Central Park 5 prosecutor Elizabeth Lederer resigns from Columbia Law School amid backlash from Netflix series

The student body reportedly wanted her fired after Netflix's new miniseries about the case, 'When They See Us' premiered. Her character was played by Vera Farmiga in the Netflix original by Ava DuVernay.


                            Central Park 5 prosecutor Elizabeth Lederer resigns from Columbia Law School amid backlash from Netflix series

After former Manhattan prosecutor Linda Fairstein, Assistant District Attorney Elizabeth Lederer has resigned from her position at Columbia Law School, following backlash from the student body owing to her involvement in the 'Central Park Five' case.

Lederer, who taught as a part-time lecturer at the law school, resigned on Wednesday. The student body reportedly wanted her fired, after Netflix's new miniseries about the case, 'When They See Us' premiered. Her character was played by Vera Farmiga in the Netflix original by Ava DuVernay. Lederer remains a prosecutor with the Manhattan district attorney’s office.

The storm of controversy emerged from Lederer’s role in the 1989 prosecution case, where five minor black males were wrongfully accused of raping a white female jogger in Central Park. Lederer prosecuted Antron McCray, Kevin Richardson, Raymond Santana, Korey Wise and Yusef Salaam, who went on to be known as the Central Park Five. The case had a dearth of evidence and their confessions were coerced by the cops. The teens spent 6-13 years in prison, following which, a serial sex offender named Matias Reyes confessed to raping Trisha Meili, the jogger.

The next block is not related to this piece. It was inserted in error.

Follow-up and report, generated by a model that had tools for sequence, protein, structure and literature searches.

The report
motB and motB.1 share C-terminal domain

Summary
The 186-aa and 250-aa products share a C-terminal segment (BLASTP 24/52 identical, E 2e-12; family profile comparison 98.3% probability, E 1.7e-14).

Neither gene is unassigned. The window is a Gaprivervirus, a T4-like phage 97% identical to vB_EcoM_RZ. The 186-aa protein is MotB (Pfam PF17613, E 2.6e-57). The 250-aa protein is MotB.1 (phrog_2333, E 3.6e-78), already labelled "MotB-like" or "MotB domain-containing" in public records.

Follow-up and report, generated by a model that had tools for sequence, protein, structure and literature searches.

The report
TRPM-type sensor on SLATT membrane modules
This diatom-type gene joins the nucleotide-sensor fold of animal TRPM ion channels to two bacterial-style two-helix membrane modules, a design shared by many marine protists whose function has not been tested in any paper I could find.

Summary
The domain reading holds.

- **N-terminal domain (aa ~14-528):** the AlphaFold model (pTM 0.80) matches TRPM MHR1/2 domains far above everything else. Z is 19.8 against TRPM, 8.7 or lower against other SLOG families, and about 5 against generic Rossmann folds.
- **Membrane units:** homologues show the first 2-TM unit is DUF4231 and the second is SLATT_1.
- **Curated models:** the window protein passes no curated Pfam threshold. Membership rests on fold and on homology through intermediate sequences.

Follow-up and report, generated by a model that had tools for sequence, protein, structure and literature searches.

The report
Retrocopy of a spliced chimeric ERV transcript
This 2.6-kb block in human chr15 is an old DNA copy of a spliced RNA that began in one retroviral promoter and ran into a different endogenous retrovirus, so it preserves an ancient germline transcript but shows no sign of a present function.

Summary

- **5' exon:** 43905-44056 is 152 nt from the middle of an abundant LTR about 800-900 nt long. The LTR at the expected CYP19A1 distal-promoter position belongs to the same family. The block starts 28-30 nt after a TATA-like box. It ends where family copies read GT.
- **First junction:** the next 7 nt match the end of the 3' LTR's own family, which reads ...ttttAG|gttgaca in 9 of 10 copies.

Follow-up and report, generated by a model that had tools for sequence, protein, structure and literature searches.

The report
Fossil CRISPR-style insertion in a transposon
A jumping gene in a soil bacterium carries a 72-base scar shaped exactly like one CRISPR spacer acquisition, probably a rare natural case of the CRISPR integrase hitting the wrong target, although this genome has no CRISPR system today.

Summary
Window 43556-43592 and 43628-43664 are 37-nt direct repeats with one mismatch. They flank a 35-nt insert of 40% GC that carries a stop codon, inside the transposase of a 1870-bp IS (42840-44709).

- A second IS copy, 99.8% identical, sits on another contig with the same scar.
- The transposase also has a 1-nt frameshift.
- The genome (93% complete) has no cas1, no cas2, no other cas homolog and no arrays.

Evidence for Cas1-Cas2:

Assistant District Attorney Elizabeth Lederer has resigned from her position at Columbia Law School, after backlash from the student body owing to her involvement in the 'Central Park Five' case. (Twitter)

She reportedly said in a statement that the backlash had made her reconsider her position. "I’ve enjoyed my years teaching at CLS, and the opportunity it has given me to interact with the many fine students who elected to take my classes. However, given the nature of the recent publicity generated by the Netflix portrayal of the Central Park case, it is best for me not to renew my teaching application,” she said.

Law School Dean Gillian Lester said in a statement that the mini-series has reignited a painful and vital national conversation about race, identity, and criminal justice. "I am deeply committed to fostering a learning environment that furthers this important and ongoing dialogue, one that draws upon the lived experiences of all members of our community and actively confronts the most difficult issues of our time,” Lester said.

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